Everyone Wants To Be A Winner.................................................7 Beyond Coercion And Compromise .............................................8 Negotiation Defined......................................................................9

    PART TWO A Negotiation Framework

    An Ecological View........................................................................11 You And Your Working Assumptions .......................................11 What's A Good Outcome ..............................................................14 • Working Assumptions ...............................................................15 • Fairness ..................................................................................17 • Efficiency ................................................................................17 • Wisdom ..................................................................................17 • Stability ...................................................................................18 Macro-Level Structural Analysis....................................................18 • Who Are They? ........................................................................19 • What Kind Of Negotiation Is This? ..........................................19 Micro-Level Seven Elements Analysis...........................................19 • Alternatives ...............................................................................20 • Interests.....................................................................................21 • Options ..................................................................................24 • Communication ........................................................................26 • Standards of Legitimacy ............................................................29 • Relationship ............................................................................. 31 • Commitment ..........................................................................34

    PART THREE Congruent Behaviour: Putting It All Together

    Ingredients For Success ................................................................39 Recipe For Effective Negotiating ...............................................40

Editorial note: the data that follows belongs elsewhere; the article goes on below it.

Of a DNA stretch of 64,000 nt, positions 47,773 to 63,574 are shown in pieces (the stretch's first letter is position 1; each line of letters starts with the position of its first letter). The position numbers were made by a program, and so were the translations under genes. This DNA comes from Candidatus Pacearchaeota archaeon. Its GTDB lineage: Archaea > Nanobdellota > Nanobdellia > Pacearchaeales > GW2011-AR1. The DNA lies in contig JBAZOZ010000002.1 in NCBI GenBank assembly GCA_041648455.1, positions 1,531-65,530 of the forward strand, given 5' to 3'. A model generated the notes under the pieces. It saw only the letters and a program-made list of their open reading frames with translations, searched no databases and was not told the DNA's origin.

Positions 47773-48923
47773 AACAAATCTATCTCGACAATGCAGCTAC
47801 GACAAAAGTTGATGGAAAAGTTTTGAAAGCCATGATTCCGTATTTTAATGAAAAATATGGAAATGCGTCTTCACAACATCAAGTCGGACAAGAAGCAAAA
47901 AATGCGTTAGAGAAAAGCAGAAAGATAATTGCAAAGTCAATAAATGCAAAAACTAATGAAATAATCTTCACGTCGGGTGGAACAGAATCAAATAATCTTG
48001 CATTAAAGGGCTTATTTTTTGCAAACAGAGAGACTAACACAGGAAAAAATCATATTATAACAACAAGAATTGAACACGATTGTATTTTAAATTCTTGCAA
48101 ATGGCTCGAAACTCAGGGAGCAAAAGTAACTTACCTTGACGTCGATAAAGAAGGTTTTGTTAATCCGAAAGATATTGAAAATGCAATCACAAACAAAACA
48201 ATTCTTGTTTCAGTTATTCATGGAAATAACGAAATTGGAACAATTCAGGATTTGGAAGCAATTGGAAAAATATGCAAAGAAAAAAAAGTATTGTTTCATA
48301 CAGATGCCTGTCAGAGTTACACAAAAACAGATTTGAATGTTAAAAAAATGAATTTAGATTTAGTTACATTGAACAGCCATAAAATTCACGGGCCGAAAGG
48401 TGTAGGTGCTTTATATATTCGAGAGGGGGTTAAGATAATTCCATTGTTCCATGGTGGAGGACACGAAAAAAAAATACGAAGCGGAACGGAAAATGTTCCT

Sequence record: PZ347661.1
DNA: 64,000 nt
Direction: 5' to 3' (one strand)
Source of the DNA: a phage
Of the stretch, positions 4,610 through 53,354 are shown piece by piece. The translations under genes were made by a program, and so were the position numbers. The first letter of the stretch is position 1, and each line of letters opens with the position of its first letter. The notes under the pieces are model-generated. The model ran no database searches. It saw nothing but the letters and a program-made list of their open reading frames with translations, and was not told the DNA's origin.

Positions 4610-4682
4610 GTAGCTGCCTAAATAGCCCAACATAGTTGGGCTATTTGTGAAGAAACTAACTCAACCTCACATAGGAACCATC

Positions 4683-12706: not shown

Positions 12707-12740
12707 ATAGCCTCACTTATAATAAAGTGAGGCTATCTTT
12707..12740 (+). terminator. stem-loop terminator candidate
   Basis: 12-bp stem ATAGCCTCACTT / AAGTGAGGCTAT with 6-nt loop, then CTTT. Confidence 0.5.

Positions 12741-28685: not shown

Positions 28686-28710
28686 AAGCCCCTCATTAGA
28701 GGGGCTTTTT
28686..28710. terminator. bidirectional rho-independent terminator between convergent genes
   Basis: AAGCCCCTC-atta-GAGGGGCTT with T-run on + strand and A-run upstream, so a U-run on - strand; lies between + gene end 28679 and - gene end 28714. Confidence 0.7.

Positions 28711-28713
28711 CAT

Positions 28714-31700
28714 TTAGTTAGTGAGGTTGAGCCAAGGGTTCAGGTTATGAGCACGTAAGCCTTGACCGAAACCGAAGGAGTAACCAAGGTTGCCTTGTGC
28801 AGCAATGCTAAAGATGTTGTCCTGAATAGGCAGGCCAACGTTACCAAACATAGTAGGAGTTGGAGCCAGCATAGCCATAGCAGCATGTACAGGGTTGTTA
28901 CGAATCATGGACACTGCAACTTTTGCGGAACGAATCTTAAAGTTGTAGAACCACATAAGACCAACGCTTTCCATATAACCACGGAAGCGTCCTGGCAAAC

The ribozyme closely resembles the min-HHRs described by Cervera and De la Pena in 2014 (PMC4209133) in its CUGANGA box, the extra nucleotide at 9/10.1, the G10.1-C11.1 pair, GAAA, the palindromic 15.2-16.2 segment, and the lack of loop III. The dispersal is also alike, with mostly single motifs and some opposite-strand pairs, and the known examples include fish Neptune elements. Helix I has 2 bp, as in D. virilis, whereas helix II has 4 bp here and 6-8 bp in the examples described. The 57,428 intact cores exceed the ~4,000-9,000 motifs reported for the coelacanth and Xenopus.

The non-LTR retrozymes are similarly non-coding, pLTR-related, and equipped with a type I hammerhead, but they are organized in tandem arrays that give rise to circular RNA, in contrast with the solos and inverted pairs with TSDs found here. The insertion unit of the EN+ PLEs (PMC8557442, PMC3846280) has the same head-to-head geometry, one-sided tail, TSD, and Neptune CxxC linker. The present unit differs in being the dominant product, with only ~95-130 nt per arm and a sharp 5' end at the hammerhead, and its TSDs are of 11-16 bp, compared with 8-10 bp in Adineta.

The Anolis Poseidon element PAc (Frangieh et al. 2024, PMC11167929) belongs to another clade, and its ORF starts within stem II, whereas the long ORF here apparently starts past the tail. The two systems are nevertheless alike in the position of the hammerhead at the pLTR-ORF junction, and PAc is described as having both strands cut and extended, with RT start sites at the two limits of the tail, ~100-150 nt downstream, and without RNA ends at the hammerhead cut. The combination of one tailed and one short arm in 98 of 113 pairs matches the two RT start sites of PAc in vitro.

The Stages.................................................................................40 Ingredients For Success ......................................................... 40 Power .....................................................................................41 Information .............................................................................. 42 Time ..........................................................................................42

    The Cultural Context.....................................................................44 A Summary Of Putting It All Together ........................................ 45 Some Reflections On The Ecological View Of Negotiation . . . . 47

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    Table Of Contents (cont'd)

    PART FOUR Tough Questions

    Questions .................................................................................. 49

    PART FIVE Tools And Charts

    • An Ecological Framework of Negotiation ..............................55 • Working Assumptions Revisited.............................................. 56 • Criteria Of A Good Outcome................................................... 57 • A Linear Framework ............................................................ 58 • Some Organizing Questions .................................................... 59 • Seven Elements........................................................................ 60 • Power, Information And Timing Checklist.............................. 61 • Self-Evaluation ..........................................................................62 The Key Points ..............................................................................63

    PART SIX An Afterword To Mediators

    Applying The General Elements Of Negotiation To Mediation . 65 • Assumptions ....................................................................... 65 Mediator's View Of The 7 Elements Of Negotiation ................ 66 • Alternatives ...............................................................................66 • Interests .....................................................................................66 • Objective Criteria—Standards Of Legitimacy ............................ 67 • Options ...................................................................................67 • Communication.........................................................................68 • Relationship ..............................................................................68 • Commitment ...........................................................................68

    PART SEVEN An Invitation To Move Forward